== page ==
Volvo XC40 is a smart briefcase on wheels

Date:22 November 2021 Tags:, , , , ,
/ By Waldo Rendell /

What am I looking at?

At this moment, Volvo is unable to sell you a traditional medium-sized sedan, and that once-unimaginable situation is unlikely to change. That’s not only because demand for that body-style is declining… It’s also because Volvo’s all-electric understudy, Polestar, seems to have that sector covered. Our local market, therefore, relies heavily on a three-pronged Volvo XC SUV range. At the base sits the XC40, recently refreshed with a new T4 variant that at least on paper seems to be the final piece of the Swedish maker’s jigsaw puzzle.

Logically, the new model sits between the three-cylinder T3 and the more-racy T5, and the prices for these vary by about R50 000 in either direction.

In the metal

There isn’t a lot to differentiate the T4 from its siblings, except for that very discreet badge on the boot lid. In fact, Volvo South Africa’s official press material on the XC40 T4 variant is about as thorough as this opening paragraph.

Nevertheless, the Inscription model we have on test isn’t showing any wrinkles. It still looks sophisticated, with taut lines giving it a lean and muscular stance. It’s a boxy little number riding on big, low-profile rubber, but because it’s front-wheel drive, the chiseled appearance isn’t compromised by superfluous off-road cladding. The SUV shape is therefore purely to give the driver the best view possible, while compact overhangs see it fitting easily into regular parking spots without blaring the park-distance sensors.

Whereas so many other brands have been guilty of holding back certain elements for their more premium models, the XC40’s abbreviated size doesn’t result in fewer toys or cheaper materials.

Get in

If you’ve sat in one Volvo in the last five years, you’ve sat in them all – although I suspect the XC40’s customers are new to the brand and will instantly be charmed by the design. Admittedly, our test model was fitted with nearly R100 000 worth of extras that mainly emphasise the autonomous driving and audio system.

A large portrait screen that responds to the same gestures as a smartphone remains the focal point. Fortunately it doesn’t feel overly digital, as it’s surrounded by eye-catching tactile finishes pronounced by metal bezels that look (and feel) upmarket. If you’re going to spend more than an hour in a car, these are the seats you’ll want – your bones, joints and muscles melt into them. Although the rear windows are cropped by the roofline, there’s decent space for rear passengers and a boot that can offer similar loading volume to a normal hatchback.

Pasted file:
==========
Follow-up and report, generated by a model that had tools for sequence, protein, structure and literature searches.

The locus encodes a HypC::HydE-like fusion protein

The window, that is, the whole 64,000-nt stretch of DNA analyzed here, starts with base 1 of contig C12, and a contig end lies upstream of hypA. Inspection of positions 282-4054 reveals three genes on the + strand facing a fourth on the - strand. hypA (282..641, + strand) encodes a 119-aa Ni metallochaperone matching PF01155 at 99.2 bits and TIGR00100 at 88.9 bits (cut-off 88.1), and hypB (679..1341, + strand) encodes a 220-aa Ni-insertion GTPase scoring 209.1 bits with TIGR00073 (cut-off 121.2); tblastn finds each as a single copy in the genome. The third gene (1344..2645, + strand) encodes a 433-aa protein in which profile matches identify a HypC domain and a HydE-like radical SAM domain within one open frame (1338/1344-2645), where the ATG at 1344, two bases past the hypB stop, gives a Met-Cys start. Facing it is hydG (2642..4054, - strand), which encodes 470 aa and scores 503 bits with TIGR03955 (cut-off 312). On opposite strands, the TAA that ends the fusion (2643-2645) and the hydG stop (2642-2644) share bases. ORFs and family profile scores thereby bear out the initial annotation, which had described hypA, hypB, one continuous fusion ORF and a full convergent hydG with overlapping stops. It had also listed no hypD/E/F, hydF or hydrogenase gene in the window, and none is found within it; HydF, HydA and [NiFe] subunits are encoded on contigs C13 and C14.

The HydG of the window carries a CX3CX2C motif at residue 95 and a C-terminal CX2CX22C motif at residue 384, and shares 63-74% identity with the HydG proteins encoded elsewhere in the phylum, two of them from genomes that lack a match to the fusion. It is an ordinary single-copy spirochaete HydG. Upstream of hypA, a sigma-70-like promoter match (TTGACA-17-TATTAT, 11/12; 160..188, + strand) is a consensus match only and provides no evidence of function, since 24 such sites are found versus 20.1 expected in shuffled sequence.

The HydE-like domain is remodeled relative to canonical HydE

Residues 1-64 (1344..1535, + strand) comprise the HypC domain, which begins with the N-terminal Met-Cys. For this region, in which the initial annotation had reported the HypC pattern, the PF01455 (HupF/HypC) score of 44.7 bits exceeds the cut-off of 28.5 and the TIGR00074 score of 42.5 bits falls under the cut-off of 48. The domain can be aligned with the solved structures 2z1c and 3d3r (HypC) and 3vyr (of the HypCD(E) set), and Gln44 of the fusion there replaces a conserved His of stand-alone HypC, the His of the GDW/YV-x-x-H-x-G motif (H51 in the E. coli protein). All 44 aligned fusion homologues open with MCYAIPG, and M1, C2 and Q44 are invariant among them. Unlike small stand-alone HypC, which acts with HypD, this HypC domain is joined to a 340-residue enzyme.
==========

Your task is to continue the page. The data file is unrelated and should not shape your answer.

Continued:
Drive and tech

The cabin is a soft and soothing oasis that filters out a lot of unnecessary feedback or harshness kicked up by the road, or other users. As a result you arrive at your destination feeling like you’ve just had a Swedish massage. But should you start feeling a little too relaxed, Volvo’s army of artificial intelligence features is only a few milliseconds away from preventing any mishaps … sometimes rather harshly, as I discovered when the cross-traffic alert suddenly jammed on the brakes during a gentle reversing manoeuvre.

The XC40 mirrors a lot of technology from Volvo’s bigger offerings, often bundled as packages. The R23 000 Driver Assist Package on this model includes blind spot monitoring with cross traffic alert and pilot assist with adaptive cruise control. Standard features are keyless entry, inductive charging, front and rear cameras with park assist and a power tailgate.

Volvo’s 2.0-litre engine, on the other hand, isn’t nearly as colourful. It’s not particularly sporty and you won’t find shift paddles or multiple driving modes that unlock new layers of enjoyment near the red line. But the lazy revving nature matches the rest of the package in a very disarming way. We can’t accuse it of being sluggish, though, thanks to a claimed 0–100 km/h time of 8.4 seconds, which is about two seconds faster, or slower, when compared to the T3 and T5 models that bookend it.

Final words

Potential buyers who were skeptical of a three-cylinder engine in a posh SUV will at least feel reassured by the T4’s extra cylinder and the safer overtaking power it provides, even if a more-powerful Volvo has never been the Swedish company’s main focus. Others might feel the T4’s higher price edges it a little too close to the bigger XC60.


Model: Volvo XC40 T4 Inscription
Engine: 2.0-litre, 4-cylinder turbo petrol
Power: 140 kW
Torque: 300 Nm
Transmission: 8-speed auto
Price as tested: R807 500
Build quality and feeling of safety
Contemporary design
Deceptively practical for a small family
Bland engine character
Steep price that overlaps XC60

Read about other wheels-related stories, here.
Photography: Motorpress
This is exclusively an online article, which did not feature in the print edition of Popular Mechanics.

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